Plagued – These creatures are more annoying for the melee classes than for ranged. A creature with Plagued will lay down pools of poison around them that will put a stackable DoT (Damage over Time) debuff on the player. The longer you stand in it, the more stacks of damage you’ll take, which isn’t good. Ranged characters should simply stay away from these pools and attack, while melee characters would be smart to kite the creatures away from the pools. This can be difficult when a caster has Plagued.
Reflect Damage – This one is self-explanatory and just as annoying as it sounds. A creature with Reflect Damage will reflect a percent of any damage you do to it back at you. By itself, it doesn’t seem to do too much damage, but when coupled with the monster’s attacks or another ability, it can become pretty scary. The advice I’ll give here is to avoid any AoE spells, especially if you see a Horde Reflect Damage. If you use an AoE on a group of creatures with this ability, you’ll take some damage back from all of them. So you can imagine if you hit a Horde with an especially powerful AoE, you’re going to do a large amount of damage to yourself.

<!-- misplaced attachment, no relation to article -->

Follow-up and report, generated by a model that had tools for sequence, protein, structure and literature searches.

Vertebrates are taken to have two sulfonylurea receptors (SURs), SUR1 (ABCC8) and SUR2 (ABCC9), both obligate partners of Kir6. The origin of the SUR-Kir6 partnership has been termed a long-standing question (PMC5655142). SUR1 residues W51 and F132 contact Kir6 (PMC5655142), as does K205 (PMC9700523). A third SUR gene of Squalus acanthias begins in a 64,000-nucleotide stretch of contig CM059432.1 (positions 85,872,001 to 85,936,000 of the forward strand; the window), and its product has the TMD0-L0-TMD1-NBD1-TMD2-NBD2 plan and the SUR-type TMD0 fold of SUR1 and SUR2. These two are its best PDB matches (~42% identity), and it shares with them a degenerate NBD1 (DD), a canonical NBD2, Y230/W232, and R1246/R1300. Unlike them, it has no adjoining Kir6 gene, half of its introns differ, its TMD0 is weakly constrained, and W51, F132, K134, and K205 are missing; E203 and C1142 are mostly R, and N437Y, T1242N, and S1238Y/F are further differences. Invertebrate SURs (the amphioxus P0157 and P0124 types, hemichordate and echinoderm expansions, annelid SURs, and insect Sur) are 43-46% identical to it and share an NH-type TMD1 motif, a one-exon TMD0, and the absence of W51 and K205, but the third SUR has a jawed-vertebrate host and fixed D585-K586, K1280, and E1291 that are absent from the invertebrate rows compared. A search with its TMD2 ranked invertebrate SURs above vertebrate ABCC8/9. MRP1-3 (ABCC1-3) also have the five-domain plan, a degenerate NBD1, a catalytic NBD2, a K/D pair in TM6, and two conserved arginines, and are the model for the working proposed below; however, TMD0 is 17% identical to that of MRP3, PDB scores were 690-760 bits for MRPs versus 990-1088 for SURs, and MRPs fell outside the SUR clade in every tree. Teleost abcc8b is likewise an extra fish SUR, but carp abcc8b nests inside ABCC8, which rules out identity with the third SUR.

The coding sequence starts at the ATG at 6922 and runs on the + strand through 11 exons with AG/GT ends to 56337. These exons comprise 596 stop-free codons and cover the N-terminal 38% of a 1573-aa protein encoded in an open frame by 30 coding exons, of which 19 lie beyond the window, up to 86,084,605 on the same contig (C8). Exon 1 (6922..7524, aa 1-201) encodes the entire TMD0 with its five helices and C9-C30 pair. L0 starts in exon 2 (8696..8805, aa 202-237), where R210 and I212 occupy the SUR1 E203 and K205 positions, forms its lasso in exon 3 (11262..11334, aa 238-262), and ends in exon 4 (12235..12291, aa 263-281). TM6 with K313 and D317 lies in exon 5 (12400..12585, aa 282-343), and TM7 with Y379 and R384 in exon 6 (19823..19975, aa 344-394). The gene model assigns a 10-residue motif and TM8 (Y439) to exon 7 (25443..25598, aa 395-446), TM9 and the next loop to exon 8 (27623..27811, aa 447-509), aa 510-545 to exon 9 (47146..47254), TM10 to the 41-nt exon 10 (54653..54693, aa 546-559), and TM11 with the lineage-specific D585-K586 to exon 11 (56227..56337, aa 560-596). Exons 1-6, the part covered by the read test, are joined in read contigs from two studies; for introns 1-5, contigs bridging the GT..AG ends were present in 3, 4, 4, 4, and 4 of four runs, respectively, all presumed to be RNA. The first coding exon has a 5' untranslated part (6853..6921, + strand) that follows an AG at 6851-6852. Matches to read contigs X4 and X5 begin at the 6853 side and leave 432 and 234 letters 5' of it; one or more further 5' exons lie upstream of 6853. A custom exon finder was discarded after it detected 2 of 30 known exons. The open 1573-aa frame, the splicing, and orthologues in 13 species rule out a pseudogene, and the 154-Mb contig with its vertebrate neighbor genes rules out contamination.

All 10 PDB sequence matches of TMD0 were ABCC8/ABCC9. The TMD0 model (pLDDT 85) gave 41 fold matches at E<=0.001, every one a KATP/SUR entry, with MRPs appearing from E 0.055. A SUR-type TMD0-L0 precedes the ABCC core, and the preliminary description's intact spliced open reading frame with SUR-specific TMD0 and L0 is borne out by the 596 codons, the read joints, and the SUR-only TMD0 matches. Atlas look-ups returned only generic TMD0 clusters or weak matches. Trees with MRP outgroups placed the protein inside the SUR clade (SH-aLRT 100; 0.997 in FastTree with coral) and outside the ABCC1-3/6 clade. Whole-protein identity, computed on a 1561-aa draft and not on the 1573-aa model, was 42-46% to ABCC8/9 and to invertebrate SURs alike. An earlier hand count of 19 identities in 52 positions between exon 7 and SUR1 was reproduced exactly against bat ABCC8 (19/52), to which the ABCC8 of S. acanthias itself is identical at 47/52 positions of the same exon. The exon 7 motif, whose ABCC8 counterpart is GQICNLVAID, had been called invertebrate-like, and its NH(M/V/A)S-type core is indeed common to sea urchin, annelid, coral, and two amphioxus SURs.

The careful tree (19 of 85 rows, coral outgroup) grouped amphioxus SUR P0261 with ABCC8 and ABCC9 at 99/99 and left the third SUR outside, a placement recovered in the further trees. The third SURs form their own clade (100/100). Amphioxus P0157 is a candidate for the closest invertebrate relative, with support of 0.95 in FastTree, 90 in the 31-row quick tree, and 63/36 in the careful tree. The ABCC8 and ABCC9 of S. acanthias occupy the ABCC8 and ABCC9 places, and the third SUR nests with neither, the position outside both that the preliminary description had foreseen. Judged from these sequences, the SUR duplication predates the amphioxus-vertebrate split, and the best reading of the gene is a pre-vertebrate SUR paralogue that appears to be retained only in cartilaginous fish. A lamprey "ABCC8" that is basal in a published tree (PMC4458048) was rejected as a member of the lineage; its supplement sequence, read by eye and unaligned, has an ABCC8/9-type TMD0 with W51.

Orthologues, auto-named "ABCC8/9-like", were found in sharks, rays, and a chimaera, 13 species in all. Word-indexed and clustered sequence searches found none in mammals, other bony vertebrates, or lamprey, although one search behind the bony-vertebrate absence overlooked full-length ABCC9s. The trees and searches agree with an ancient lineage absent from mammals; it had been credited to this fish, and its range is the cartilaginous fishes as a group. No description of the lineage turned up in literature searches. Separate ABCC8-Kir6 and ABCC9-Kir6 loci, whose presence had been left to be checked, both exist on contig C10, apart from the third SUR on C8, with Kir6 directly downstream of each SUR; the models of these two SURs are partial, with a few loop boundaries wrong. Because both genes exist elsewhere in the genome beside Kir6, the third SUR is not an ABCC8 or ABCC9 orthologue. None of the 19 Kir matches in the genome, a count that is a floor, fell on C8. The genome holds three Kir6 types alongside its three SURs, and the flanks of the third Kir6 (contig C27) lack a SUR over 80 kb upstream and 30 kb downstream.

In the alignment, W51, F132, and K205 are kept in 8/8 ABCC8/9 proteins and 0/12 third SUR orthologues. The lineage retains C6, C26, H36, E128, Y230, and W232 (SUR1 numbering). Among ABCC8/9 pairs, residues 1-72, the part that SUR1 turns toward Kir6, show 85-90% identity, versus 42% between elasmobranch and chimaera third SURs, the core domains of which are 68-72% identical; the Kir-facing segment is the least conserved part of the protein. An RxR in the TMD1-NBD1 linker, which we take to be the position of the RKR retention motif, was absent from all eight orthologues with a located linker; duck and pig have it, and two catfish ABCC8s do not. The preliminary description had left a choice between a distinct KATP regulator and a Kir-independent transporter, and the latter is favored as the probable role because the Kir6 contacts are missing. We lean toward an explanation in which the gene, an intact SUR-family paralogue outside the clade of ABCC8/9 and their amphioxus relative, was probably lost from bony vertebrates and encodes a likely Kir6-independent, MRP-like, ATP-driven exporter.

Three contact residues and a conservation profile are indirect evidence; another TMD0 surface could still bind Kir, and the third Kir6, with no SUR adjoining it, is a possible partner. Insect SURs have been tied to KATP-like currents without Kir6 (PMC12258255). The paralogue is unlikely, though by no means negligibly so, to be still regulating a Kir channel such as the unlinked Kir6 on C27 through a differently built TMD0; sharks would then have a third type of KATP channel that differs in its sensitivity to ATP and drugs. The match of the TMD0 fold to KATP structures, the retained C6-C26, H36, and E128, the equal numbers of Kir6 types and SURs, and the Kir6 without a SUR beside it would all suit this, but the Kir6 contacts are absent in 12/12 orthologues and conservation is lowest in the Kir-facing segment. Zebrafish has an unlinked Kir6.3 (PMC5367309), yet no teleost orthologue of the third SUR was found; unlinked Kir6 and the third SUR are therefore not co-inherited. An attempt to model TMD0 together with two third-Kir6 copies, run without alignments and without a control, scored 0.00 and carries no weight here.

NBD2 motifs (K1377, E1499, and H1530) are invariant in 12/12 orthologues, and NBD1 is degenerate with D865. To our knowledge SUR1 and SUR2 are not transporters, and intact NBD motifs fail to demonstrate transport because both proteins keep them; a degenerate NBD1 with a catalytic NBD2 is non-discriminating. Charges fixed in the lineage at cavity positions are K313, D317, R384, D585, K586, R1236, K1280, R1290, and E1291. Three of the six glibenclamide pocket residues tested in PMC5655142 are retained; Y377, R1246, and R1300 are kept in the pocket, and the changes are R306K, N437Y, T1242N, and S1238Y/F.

Shielding – Monsters with Shielding begin to appear toward the end of Normal, and while it’s one of the simplest abilities, it’s one of the harder ones to deal with. These monsters randomly gain a shield around them, which makes them immune to all forms of damage. From what I can tell, no amount of damage breaks the shield, so the only strategy is to ignore any monster using the Shielding ability and attack another. Shielded monsters are still vulnerable to crowd control like the Demon Hunter’s traps, so it’s a viable strategy to try to control the ones that are shielded to keep them away.